For Miami-Dade Mayor, Announcing Deaths Is a Painful Part of the Job

by Msnbctv news staff


At almost every news conference, Mayor Daniella Levine Cava steps to the microphone and delivers awful news: The number of people known to have died in the condo collapse in Surfside, Fla. — and the even larger number who are still missing.

The painful ritual has made Ms. Levine Cava, a Democrat less than a year into her tenure as mayor of Miami-Dade County, a regular presence on televisions across the country. And it has brought a voice to the immense grief — and the slow fade of hope — as update after update has passed without rescue crews finding any survivors.

“I am responsible for what’s happening on this site,” Ms. Levine Cava said Friday in an interview, on a day when she announced four additional confirmed deaths, including that of the 7-year-old daughter of a firefighter. “It is my obligation to report the hard news. Then, others who have technical information, they provide it to back it up. But it’s my job to give the bad news.”

Ms. Levine Cava, 65, who spent decades as a lawyer and social services executive before entering politics, was little known beyond South Florida before Champlain Towers South collapsed on June 24. In the days since, she has become one of the faces of the response: Coordinating government agencies, fielding questions and criticism from the families of the missing, delivering televised messages in English and in Spanish.

Ms. Levine Cava, who took office in November as the first woman to serve as mayor of Florida’s largest county, and the first Democrat to hold the office in 16 years, has found herself facing a crisis of a magnitude few local officials ever encounter.

Though she has shared the stage with a long list of elected officials from both parties — from President Biden to Gov. Ron DeSantis to members of Congress and the mayor of Surfside — Ms. Levine Cava has kept the hardest job, announcing the death toll, for herself. Sometimes she pauses as she updates the figures. Sometimes she asks for prayer. Other times she acknowledges the painful wait for those whose loved ones have still not been found.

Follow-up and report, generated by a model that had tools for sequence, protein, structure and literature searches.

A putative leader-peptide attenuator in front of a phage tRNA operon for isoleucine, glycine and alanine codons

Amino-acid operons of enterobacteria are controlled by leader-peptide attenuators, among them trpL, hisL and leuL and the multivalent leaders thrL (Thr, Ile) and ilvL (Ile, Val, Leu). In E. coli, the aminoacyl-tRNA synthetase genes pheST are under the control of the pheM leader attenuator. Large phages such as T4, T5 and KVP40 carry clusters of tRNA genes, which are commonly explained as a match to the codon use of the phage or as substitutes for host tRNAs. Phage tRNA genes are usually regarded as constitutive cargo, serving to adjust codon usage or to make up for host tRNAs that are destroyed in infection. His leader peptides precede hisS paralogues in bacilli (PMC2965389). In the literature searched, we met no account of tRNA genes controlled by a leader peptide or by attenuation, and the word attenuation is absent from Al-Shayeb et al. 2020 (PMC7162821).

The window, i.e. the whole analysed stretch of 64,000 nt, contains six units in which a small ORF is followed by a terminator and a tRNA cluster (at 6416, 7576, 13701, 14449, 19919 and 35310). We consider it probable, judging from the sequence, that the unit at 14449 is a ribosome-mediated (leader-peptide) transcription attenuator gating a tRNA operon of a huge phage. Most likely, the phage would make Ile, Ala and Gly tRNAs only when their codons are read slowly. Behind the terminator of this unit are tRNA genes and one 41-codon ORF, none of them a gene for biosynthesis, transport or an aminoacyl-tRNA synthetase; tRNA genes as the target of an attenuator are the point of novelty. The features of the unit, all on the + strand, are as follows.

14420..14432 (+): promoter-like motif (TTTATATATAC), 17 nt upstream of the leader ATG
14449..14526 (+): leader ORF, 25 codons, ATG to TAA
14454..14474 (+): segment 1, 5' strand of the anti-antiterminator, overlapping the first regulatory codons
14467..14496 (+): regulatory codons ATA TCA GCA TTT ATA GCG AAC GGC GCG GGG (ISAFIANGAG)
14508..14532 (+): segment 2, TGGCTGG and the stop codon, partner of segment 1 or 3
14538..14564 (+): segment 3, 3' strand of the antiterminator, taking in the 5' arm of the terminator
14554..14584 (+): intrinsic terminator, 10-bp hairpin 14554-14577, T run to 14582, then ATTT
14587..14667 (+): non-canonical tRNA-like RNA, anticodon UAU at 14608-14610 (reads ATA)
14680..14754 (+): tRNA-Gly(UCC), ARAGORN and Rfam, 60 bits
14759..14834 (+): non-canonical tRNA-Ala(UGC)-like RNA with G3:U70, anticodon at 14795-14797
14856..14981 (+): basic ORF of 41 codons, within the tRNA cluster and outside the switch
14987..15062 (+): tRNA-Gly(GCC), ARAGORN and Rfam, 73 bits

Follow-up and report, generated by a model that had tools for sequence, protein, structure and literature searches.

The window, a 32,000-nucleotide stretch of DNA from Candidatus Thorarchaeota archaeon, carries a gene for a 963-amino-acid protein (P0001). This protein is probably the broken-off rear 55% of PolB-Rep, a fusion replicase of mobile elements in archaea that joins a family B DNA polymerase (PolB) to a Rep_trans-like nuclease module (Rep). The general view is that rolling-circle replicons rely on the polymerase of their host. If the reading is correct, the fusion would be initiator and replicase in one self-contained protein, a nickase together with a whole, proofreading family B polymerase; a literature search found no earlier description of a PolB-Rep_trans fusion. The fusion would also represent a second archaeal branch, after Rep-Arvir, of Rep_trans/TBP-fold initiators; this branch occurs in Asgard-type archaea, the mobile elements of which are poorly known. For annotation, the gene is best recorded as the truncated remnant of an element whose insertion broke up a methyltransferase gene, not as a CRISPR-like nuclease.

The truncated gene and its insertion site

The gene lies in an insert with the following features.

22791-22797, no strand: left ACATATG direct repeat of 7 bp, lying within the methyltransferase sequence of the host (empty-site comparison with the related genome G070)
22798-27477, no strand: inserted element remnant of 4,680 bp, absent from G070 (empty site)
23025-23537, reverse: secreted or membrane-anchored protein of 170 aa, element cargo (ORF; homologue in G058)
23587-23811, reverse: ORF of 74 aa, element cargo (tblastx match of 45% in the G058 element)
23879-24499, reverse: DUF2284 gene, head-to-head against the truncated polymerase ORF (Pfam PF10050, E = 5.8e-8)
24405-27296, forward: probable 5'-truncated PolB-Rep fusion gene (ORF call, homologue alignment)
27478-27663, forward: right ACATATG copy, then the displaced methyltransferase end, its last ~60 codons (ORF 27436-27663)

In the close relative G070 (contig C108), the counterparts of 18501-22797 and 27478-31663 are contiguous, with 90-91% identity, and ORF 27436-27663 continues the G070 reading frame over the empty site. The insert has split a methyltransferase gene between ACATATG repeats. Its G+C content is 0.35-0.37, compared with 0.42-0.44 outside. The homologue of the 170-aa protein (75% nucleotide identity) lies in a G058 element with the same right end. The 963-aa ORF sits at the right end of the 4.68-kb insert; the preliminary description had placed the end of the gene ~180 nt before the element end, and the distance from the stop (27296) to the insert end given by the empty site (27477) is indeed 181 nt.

“She has to give that information — it’s expected,” said Alex Penelas, a former Miami-Dade County mayor who praised Ms. Levine Cava’s response. “But she’s got to give it with compassion, with feeling, with emotion. These are not just numbers. These are lives.”

At many news conferences, Ms. Levine Cava speaks after Mr. DeSantis, a Republican who has been omnipresent in Surfside since the collapse.

It was ultimately the mayor’s decision to pause work on Thursday when engineers worried that the rest of the tower could collapse. And it was her decision a day later to order the demolition of that structure, meaning families who escaped will not be able to retrieve their belongings.

“I’m counting on the engineers to tell me it’s unstable — I’m not going to override them on a safety issue like that,” the mayor said. “But I’m going to get involved in what were the factors considered, whether everyone was consulted, whether all the expertise on the field was utilized.”

The demolition was initially expected to take a few weeks to arrange. But on Saturday, officials announced that it would be fast-tracked to take place as soon as Monday, because of an approaching tropical storm.

The mayor also ordered an audit of aging buildings within the county’s jurisdiction, and urged cities to do the same — a step that has already led to the evacuation of a tower in North Miami Beach.



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